Definition of Accuracy:

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All processes should have a target value you wish to achieve. How close you come to hitting that target will be the measure of your accuracy. Let’s explore this concept in a little more detail. 

Overview: What is accuracy? 

When speaking in terms of statistics, you will often hear the concepts of accuracy and precision used together. 

  • Accuracy can be defined as, on average, how far your measurements or results are from your target. In other words, accuracy is the extent to which the average of the measurements deviate from the true value. 
  • Precision relates to how consistent you are. Assuming the center bullseye is your target, the graphics below show what accuracy and precision would look like.

Most Six Sigma professionals will agree that achieving precision should be the first goal of any improvement activity, and then you can worry about the accuracy. 

For example, the average of these values will equal 5: 0, 0, 0, 0, 10, 10, 10, 10. So will these values: 4, 4, 4, 4, 6, 6, 6, 6. The second set of values have much less variation and greater precision. This will allow for great predictability. The goal should be to reduce the variation of the first set of values.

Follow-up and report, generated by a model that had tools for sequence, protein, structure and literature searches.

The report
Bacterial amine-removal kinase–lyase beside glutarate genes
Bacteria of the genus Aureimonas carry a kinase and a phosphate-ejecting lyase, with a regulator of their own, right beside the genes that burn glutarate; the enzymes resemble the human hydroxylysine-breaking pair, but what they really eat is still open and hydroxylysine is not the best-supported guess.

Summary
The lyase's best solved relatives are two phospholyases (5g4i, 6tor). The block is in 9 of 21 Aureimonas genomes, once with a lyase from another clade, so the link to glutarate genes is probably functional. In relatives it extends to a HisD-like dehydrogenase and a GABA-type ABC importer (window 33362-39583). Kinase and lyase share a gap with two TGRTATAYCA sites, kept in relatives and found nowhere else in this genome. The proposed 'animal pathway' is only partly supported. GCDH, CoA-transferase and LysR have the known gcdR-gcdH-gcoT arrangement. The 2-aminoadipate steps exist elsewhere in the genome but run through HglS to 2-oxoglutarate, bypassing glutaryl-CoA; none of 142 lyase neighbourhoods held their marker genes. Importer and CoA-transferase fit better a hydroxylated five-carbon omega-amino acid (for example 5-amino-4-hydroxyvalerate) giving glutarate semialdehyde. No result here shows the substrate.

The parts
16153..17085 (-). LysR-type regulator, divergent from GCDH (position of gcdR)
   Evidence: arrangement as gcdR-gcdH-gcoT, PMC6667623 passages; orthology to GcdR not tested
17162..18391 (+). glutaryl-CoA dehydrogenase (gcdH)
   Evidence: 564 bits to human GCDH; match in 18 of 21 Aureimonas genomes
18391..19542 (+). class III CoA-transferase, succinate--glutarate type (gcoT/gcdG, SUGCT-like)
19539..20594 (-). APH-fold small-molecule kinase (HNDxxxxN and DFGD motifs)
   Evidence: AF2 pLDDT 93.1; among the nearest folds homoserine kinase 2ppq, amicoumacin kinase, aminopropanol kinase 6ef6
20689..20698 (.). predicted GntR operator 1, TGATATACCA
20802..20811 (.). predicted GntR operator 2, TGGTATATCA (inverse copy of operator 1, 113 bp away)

Dr. Ken Feldman is fond of saying, “Accuracy in the absence of precision is meaningless.” In statistics, the mean (or average) is often used as a measure of accuracy, and the range (or standard deviation) a measure of precision.

An industry example of accuracy 

The weights of raw material bags seemed to be lower than expected. While the weights from bag to bag showed little variation, the average was lower than the target weight provided by the vendor. 

After doing an MSA study, the company Black Belt discovered the scale had experienced some drift and was now consistently weighing three pounds lighter. After adjusting and recalibrating the scale, the bag weights were now accurate and precise.  

Frequently Asked Questions (FAQ) about accuracy

1. What is accuracy? 

The degree to which the average of measurements differs from the target or true value of what you are measuring. 

2. Which is more important, accuracy or precision? 

Precision is more important. Accuracy is the degree to which the measurements center around your target or true value. If the precision of those measurements is low, the accuracy doesn’t mean much since the variation will hinder your ability to predict. 

3. Is a lack of accuracy easy to fix? 

Generally yes. If your outcomes are not centered on your target, accuracy can sometimes be achieved by simply shifting the process mean. For example, if your weighing process is consistently off by 0.5 pounds, you can adjust the scale, which should result in more accurate weights.

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